A pair of white Asics high-tops with red stripes.  They were a half-size too small, which meant my toes pushed into the end of these exquisite high-tops every time I wore them.  My toes are curling as I type this.  But, god, they were cool.

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Everybody had a pair of these.

Reebok classic high-tops with velcro straps.

Bright white Nike tennis shoes (shoes meant to play tennis in) with light blue swooshes.

Black Nike sneakers with white swooshes like a referee would wear.

I don’t associate these shoes with specific memories.  Instead, they remind me of periods of my life.

Today, I can pretty much afford to buy whatever sneakers I want.  I usually buy them from the men’s clearance rack though.  I stockpile them and break out a new pair as needed.  I’m not so fussy anymore.  Sometimes I’ll splurge, but what really turns me on is a good bargain.

I look through the sports store catalogs in the Sunday paper as if they are porn magazines.

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Enough said.

“Look at these,” I say to W.

“Sweet,” she responds.

She knows not to call them “cute.”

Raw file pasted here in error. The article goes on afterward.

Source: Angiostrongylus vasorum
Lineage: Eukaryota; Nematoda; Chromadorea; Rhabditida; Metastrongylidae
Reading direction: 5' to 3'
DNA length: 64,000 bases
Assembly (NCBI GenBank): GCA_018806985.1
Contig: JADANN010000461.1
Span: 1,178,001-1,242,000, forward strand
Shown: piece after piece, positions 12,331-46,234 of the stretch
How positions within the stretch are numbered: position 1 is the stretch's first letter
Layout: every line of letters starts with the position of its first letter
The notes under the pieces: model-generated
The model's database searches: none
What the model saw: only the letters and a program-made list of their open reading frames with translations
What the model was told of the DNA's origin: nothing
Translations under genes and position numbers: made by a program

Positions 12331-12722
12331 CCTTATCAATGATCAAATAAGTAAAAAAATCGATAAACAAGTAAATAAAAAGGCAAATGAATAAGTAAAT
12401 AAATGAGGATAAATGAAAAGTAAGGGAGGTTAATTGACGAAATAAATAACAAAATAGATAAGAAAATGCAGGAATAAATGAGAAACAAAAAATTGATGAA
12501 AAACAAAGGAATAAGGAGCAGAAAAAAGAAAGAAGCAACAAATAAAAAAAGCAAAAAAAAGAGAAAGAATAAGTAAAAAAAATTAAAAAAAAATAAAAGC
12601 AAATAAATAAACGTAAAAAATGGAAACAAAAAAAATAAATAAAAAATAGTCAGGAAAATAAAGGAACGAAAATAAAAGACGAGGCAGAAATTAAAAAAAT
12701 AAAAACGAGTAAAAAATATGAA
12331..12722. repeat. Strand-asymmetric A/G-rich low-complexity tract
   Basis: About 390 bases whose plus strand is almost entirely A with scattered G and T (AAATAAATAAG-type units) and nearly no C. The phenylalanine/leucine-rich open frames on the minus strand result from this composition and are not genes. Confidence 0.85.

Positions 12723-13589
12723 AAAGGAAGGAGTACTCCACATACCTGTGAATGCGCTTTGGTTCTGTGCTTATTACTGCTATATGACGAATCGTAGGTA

We’ve been over that.

My tastes have changed over the years.

I’m more fond of Adidas these days.  I wore a pair of gray suede Adidas Neo shoes for most of the summer.

I’ve learned that New Balance might not be the best looking shoes on the shelf, but they are sturdy and incredibly comfortable.  If I were a sneaker, I’d probably be a New Balance.

My feet have changed, too.  I can’t wear most Nikes these days unless I find a pair in a wide.

Sneakers bring out the kid in me.  That little boy/girl somewhere inside.  Every once in a while, I’ll catch myself grinning as I work my foot into a brand new pair of checkered Vans or striped Adidas or Nikes that look like those ones I wanted back in the day.  These are the shoes, I tell myself.  The ones that will make me run faster and jump higher.

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What about you?  What was your all-time favorite pair of sneakers?  What do you rock these days?